By RICK FRAZIER
© St. Petersburg Times, published May 25, 2001
This time of year, it pays to be choosy What do you prefer? Red drum? Tarpon? How about snook and pompano? One thing is for sure: There is plenty of action for everybody. Tarpon may be on the top of the hit list. Plenty are being boated at the major overpasses, mud holes and along the beaches starting at Longboat Key and heading north.
Free-lining threadfins (greenbacks) or big sardines work best for day or night pursuit of tarpon at the big bridges. Tarpon ambush prey that is caught in the current eddies behind pilings, concrete bumpers or wooden structures. Cast up-current and let the bait drift down naturally through and beyond the eddy. Wait until you feel the fish pulling before you set the hook. Most fish are lost because the hook is pulled out of the fish's mouth before it has time to swallow the bait.
On the beaches, sight-cast for rolling fish with live greenies or pinfish under a float. Present your bait well ahead of moving schools and let the tarpon come to it. Casting into the pod creates havoc in the school and sends the fish running in every direction.
Take advantage of high tides for redfish around oyster bars, mangrove islands and sandbars. The best technique for putting an 18- to 27-incher in the cooler is to use live bait under a float. Whitebait, pinfish, grunts and live shrimp work well. A stealthy approach in the skinny water where these reds are feeding is a must. If snook is on the menu, you're running out of time, because the season closes in another six days. Decent-size keepers are being caught under dock lights throughout the major gulf passes. Dock fishing for these bruisers means heavy tackle, and if you're not using one of the new braided lines for this technique, you should be. This type of line doesn't stretch and barnacles won't cut it. You also can crank the drag down tight on your reel and yank the snook away from the structures.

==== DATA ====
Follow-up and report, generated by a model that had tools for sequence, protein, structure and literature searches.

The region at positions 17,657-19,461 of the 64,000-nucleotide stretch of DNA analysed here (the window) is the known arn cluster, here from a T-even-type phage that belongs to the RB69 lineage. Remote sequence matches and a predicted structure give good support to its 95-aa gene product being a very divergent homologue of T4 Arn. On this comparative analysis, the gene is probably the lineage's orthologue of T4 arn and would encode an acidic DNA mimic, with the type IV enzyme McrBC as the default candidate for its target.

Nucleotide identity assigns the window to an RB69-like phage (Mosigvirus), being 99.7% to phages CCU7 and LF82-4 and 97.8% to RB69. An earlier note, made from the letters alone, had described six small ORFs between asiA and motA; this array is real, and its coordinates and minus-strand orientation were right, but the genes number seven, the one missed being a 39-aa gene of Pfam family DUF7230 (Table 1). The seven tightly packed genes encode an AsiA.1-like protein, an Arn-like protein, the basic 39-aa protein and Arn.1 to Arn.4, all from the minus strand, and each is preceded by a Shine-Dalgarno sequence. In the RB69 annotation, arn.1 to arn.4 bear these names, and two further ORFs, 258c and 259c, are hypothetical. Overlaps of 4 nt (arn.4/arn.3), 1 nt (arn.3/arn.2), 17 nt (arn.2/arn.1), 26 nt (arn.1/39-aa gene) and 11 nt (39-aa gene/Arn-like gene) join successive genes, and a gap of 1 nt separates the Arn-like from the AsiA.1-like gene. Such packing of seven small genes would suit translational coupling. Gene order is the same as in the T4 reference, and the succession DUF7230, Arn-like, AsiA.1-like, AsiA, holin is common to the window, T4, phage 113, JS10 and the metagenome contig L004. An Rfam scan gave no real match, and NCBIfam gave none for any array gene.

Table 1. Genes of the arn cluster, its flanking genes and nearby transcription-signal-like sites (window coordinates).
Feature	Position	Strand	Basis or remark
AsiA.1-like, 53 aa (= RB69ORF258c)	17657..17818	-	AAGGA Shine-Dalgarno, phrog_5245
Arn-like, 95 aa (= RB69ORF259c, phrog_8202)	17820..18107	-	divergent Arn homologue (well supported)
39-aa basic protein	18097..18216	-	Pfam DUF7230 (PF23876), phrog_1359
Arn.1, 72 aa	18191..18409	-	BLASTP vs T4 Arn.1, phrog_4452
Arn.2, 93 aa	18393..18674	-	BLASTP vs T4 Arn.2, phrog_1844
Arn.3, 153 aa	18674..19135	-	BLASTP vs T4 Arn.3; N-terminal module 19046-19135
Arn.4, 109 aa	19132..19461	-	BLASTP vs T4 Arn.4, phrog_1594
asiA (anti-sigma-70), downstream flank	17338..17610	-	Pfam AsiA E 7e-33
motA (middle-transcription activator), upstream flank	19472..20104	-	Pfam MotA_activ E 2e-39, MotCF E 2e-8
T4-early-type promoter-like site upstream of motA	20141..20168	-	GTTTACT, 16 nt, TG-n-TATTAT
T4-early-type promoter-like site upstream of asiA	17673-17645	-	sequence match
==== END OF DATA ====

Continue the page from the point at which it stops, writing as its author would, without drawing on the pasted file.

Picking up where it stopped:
Pompano are great fighters on light tackle and can be caught several different ways. They are tricky to find, but gulf passes with turbulent water are the best places to start. Fiddler crabs are your best live bait, but live shrimp also work. Put the shrimp on a slip-sinker rig with plenty of lead weight to keep your offering near the bottom. Cast up-current and let it bounce along the bottom down-current.
Local piers are getting tarpon at night. Pier 60 in Clearwater is a great night-time snook location. The gulf pier at Fort De Soto is producing Spanish mackerel, pompano and tarpon. Half-day party boats are catching grunts and grouper. Climb aboard the longer charters for snapper, larger grouper and amberjack.
-- Captain Rick Frazier runs Lucky Dawg Charters in St. Petersburg. Call (727) 448-3817 or e-mail firstname.lastname@example.org
(All phone numbers begin with 727 unless noted)
UPCOMING FISHING REGULATIONS: Snook season, closed June, July and August..
TODAY-SATURDAY: Thunder Marine Fishing Tournament, Thunder Marine, St. Petersburg, 319-0568. UPCOMING: Miller's Marina Mega Money Tarpon Tournament, July 8-9, Miller's Marina, Boca Grande, (941) 964-8080.
SUNDAY: Summer inshore fishing with Boone Moore, Holy Mackerel Tackle, Pinellas Park, 547-9889; Boca Grande Tarpon fishing with Wendell Akins, Holy Mackerel Tackle, Pinellas Park, 547-9889
TONIGHT: USF Sail Club meeting, Bayboro Campus, 821-4840. SATURDAY: Safe-boating course, Clearwater, 462-6368.
SATURDAY: Bay race, Tampa Sailing Squadron, (813) 645-8377.
DAILY: Boyd Hill Nature Park tram tour; 893-7326. SATURDAY: Guided hike, Brooker Creek Preserve; 943-4003.
-- See Sunday's Outdoors for a list of next week's events. Send information to Outdoors, P.O. Box 1121, St. Petersburg, FL 33731. All items must be typed and arrive 10 days before the event. Include event name, time, address and phone number.